Fake news or weak science?

Implications for sustainable development transitions in the agri-food, environmental and health areas

This call for applications launched by the Montpellier Advanced Knowledge Institute on Transitions (MAK’IT) aims to set up in Montpellier, over a period of 6 months (October 2020 – March 2021), a group of internationally renowned researchers from various backgrounds and disciplinary fields, covering both life and engineering sciences as well as social sciences and humanities, to apprehend together, through innovative and creative approaches, the societal controversy:

Fake news or weak science?

Implications for sustainable development transitions in the agri-food, environmental and health areas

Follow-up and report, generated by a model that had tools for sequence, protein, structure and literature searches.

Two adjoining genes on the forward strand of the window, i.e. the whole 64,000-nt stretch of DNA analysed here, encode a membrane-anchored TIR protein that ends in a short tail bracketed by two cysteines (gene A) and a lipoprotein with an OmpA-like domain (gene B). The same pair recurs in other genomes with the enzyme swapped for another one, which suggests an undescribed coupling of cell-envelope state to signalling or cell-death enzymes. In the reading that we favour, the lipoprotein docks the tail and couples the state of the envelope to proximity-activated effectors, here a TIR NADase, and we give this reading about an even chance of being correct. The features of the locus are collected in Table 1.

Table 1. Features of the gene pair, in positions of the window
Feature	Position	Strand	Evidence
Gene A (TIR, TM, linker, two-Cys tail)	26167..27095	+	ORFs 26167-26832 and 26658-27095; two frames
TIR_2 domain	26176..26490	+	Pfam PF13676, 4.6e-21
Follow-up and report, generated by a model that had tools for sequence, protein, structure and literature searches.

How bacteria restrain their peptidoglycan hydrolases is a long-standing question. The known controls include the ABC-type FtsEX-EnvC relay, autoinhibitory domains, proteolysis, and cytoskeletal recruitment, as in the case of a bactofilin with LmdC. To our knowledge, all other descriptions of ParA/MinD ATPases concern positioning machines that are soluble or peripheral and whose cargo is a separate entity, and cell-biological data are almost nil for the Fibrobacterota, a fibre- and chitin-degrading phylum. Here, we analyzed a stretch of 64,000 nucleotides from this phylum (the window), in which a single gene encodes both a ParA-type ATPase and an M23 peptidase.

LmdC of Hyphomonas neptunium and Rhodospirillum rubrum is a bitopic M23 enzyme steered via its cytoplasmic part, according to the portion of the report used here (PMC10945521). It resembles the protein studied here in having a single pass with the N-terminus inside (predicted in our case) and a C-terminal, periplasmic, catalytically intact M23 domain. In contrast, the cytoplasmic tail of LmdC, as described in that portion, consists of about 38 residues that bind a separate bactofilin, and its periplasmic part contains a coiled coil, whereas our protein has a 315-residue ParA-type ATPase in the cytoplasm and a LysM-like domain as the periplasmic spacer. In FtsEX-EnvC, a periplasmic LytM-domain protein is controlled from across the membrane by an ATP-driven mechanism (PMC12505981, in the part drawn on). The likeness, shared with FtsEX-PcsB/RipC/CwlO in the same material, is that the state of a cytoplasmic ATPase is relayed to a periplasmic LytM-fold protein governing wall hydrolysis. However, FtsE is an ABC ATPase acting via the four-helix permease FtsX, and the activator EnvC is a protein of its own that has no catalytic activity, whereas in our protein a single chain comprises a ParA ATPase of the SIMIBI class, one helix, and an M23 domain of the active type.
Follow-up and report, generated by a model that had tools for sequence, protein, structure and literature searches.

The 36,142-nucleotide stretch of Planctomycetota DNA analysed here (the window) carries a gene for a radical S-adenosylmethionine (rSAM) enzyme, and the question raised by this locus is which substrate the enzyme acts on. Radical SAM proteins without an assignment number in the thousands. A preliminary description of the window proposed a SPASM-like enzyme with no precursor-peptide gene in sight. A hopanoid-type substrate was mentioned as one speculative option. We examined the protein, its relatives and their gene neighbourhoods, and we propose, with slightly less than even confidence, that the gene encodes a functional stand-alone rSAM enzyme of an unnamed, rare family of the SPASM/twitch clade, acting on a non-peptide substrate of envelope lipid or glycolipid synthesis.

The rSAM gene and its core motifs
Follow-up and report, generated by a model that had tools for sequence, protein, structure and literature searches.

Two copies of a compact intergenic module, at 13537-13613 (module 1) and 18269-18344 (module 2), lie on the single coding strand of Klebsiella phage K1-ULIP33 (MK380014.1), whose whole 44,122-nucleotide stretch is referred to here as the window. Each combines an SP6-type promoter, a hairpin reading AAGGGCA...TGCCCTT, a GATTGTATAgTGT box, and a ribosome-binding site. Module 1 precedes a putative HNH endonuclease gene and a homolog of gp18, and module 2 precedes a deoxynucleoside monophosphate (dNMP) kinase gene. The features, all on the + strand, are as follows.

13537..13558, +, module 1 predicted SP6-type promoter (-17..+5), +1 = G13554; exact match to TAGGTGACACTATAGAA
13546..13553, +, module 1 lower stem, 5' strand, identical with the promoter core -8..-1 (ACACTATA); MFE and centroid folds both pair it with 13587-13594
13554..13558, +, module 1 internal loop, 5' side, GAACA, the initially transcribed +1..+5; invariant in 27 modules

Each member of the cohort thus formed will approach this controversy from the perspective of his/ her own discipline, while comparing its results with those of the other members of the group and enriching them in an interdisciplinary manner.

The aim will be to analyse together how this controversy impacts agri-food, environmental and health transitions towards sustainable development and to identify priority lines of action in terms of research programming, teaching, foresight exercises, capacity-building of scientific communities and their participation in public debate, international collaborations, etc., in order to accelerate these transitions.

MAK’IT offers fellows a privileged working environment to develop their ideas in a decompartmentalized way, within a scientific community recognized worldwide in the three fields of action of the Institute: agriculture & food, environment, health. MAK’IT’s fellows are strongly encouraged and actively supported in their efforts to create new connections and develop new collaborations with Montpellier’s scientific community.